There's Something About Huma

Huma Abedin (R), aide to US Secretary of State Hillary Clinton, and others listen while US President Barack Obama speaks in t
Huma Abedin (R), aide to US Secretary of State Hillary Clinton, and others listen while US President Barack Obama speaks in the State Dining Room of the White House on August 10, 2012 in Washington during Iftar, the fast-breaking meal of the Muslim holy month of Ramadan. AFP PHOTO/Brendan SMIALOWSKI (Photo credit should read BRENDAN SMIALOWSKI/AFP/GettyImages)

Somewhere along the way Huma Abedin just became the love child of Jackie Kennedy and Hillary Clinton.

The Indian/Pakistani American, a former top aide of Hillary Clinton, was already reputed to be so beloved of the Clintons that she was pretty much regarded as their "other daughter." And those connections came in pretty handy for her husband Anthony Weiner when he decided to run for mayor of New York.

And now that her husband has been caught with his pants down (albeit sexting rather than sexing) and Abedin decided to stand by her man, the comparisons are painfully obvious. Politico writes she "might just be taking a page out her boss's playbook for her own future benefit." "Huma comes from the Clinton school of forgiveness -- power is more important than dignity," writes Adam Weiss in the New York Post.

But the media has always been much kinder to Huma Abedin than it ever was to Hillary Clinton who was regarded as cold, manipulative and power-hungry in her days as the First Lady. The media treats Abedin as if she was the style avatar of Jackie Kennedy. She is the supermodel of our model minority.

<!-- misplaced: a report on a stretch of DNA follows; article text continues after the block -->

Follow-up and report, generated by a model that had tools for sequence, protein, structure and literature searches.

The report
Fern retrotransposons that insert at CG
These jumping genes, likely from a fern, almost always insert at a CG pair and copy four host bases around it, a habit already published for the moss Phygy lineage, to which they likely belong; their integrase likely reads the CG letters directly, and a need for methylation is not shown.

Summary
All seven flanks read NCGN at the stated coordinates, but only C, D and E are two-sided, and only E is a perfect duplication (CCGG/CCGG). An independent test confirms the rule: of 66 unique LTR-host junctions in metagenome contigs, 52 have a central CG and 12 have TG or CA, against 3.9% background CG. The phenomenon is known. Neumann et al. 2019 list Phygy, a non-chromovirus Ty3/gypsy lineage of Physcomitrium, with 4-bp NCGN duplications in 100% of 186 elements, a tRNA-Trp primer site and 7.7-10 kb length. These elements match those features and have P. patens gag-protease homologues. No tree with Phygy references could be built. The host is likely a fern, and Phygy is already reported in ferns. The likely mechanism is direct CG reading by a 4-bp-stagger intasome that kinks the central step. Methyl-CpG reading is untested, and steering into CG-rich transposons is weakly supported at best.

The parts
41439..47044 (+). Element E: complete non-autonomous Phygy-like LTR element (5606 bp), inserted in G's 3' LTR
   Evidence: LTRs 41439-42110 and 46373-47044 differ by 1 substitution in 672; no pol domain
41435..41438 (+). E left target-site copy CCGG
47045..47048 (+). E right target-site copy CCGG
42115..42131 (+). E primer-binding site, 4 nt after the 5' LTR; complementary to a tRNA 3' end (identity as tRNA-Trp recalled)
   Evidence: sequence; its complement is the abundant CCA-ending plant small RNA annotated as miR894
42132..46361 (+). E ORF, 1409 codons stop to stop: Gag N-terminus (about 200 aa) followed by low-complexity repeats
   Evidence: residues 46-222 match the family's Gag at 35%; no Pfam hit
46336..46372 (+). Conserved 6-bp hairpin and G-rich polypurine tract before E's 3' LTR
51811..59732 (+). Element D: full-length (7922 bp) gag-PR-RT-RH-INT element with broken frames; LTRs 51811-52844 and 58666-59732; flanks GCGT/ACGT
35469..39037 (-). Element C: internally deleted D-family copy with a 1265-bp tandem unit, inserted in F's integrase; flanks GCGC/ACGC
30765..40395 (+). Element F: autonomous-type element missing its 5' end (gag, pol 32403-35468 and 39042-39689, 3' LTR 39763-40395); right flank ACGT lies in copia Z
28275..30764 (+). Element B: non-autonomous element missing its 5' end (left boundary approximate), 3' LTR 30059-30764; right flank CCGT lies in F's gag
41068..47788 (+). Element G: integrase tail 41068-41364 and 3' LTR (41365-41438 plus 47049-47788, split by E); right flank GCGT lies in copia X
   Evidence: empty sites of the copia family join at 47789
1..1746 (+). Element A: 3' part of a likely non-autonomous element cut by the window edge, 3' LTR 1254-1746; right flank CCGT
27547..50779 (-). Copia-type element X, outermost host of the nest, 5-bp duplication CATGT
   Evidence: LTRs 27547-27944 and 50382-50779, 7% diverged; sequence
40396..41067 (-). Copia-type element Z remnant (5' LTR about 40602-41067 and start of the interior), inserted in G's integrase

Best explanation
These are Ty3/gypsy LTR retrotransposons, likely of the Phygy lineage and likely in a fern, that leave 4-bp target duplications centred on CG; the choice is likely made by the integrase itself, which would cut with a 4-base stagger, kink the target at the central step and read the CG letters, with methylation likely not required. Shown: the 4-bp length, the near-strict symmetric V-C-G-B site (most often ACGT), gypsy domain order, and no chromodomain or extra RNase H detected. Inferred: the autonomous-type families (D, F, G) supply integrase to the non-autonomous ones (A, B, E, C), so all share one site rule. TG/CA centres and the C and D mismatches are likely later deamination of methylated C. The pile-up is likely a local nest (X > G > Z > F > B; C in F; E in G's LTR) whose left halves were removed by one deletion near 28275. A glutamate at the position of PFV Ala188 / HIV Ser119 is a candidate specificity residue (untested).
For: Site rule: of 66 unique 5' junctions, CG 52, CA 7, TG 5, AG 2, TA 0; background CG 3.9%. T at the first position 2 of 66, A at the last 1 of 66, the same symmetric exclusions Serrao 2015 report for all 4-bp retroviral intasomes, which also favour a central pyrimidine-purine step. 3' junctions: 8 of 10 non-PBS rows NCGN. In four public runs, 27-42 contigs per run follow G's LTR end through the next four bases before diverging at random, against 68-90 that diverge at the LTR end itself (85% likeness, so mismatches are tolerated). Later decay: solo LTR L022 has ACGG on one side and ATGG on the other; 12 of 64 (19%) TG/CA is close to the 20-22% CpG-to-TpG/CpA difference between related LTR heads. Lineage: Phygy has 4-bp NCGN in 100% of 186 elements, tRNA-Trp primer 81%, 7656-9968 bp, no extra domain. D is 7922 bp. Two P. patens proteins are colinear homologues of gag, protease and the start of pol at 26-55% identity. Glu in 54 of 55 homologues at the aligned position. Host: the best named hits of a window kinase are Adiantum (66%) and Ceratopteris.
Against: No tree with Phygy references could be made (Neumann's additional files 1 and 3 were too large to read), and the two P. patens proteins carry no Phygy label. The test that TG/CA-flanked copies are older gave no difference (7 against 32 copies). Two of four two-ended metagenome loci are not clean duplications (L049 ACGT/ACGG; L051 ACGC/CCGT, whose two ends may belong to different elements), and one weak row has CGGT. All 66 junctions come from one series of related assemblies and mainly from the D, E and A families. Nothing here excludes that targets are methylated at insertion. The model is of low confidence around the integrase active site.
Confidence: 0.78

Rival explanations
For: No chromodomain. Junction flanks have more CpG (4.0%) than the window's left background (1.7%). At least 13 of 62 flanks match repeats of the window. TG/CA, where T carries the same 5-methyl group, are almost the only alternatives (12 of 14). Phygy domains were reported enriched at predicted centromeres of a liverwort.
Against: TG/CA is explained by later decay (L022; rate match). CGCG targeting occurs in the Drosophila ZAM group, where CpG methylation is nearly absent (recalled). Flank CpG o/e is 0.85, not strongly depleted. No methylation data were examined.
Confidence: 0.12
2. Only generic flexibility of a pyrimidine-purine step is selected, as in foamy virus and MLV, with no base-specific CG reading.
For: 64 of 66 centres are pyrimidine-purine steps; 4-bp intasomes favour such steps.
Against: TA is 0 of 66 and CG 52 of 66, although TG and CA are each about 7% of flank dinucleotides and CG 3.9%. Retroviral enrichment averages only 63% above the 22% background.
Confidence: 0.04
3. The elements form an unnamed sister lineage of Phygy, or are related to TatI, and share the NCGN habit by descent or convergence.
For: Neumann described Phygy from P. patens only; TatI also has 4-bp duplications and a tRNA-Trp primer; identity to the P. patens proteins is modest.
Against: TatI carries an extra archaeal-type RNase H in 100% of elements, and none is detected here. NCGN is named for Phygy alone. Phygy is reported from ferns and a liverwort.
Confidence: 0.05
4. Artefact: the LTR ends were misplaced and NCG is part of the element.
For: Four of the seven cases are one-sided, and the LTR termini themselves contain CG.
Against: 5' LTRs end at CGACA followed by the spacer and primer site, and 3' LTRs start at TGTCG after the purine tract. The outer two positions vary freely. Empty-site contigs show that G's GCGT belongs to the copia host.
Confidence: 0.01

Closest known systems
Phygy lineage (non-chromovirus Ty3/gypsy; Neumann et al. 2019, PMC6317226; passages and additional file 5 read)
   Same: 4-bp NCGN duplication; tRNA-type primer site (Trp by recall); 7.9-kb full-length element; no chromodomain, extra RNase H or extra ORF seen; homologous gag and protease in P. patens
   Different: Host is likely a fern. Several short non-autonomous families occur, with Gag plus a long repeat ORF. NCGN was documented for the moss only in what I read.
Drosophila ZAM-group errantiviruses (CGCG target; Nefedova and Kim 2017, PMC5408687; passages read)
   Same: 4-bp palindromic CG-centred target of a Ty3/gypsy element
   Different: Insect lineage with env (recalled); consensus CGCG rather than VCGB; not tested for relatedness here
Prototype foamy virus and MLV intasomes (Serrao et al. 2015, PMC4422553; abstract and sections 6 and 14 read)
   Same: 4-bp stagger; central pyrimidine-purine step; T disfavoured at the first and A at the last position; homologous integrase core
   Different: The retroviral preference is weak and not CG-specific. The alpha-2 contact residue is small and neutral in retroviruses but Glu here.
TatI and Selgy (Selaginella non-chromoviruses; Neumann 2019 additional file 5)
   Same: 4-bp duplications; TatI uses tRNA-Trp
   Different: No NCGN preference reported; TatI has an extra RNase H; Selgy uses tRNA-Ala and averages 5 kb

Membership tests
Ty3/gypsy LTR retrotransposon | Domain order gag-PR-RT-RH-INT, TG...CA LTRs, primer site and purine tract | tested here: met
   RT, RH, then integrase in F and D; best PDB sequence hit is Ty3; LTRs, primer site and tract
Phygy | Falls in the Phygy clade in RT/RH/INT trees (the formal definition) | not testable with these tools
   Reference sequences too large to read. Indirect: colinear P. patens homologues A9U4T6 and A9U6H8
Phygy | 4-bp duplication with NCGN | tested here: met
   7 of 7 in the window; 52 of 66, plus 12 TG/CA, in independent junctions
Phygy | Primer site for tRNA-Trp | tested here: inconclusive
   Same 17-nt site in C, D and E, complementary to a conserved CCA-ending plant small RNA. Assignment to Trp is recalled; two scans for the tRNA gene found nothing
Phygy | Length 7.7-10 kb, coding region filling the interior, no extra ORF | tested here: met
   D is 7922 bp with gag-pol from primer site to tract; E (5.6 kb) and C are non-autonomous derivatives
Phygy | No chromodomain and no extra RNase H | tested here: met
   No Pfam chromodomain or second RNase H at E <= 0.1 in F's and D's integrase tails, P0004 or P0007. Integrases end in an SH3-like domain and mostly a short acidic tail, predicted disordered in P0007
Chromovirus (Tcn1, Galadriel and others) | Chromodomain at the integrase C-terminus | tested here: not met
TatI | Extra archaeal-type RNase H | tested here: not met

She cannot even walk into a coffee shop without sending a journalist into some kind of slow-motion orgasm.

She approached in a knit white top and navy-blue business skirt, her dark, almost black hair down to her shoulders. She wore bright-red lipstick, which gave her lips a 3-D look, her brown eyes were pools of empathy evolved through a thousand generations of what was good and decent in the history of the human race. The harsh, cheap buck lighting in the coffee shop couldn't lay a glove on her. By the time she sat down, the harmony of angels had vanquished the tiny background music from every corporate space on the planet. Of course, you'd seen pictures before. But you'd also seen pictures of the Taj Mahal. It didn't quite come up to actually being there.

There's something almost lecherous about the media gush around Huma Abedin -- "her black Prada suit is wrinkle-free, her skin is flawless, and her long luxurious hair is blow-dried into the kind of bouncy waves you see mostly in shampoo commercials."

Poor Hillary Clinton's pantsuits never evoked that kind of adulation. It's as if the media is over compensating for how it treated Candidate Hillary by treating Huma Abedin largely with kid gloves. Now that she is the damsel in distress, Sheila Weller in the Washington Post confesses to a "lady crush" on her as she writes about her press conference.

I was riveted. We were all riveted. Everyone thought Abedin was painful to watch, and I don't disagree. Still, I thought she sounded real, and plainspoken, and, even in that excruciatingly awkward situation, she retained the poise and dignity that I've always admired in her. No small feat.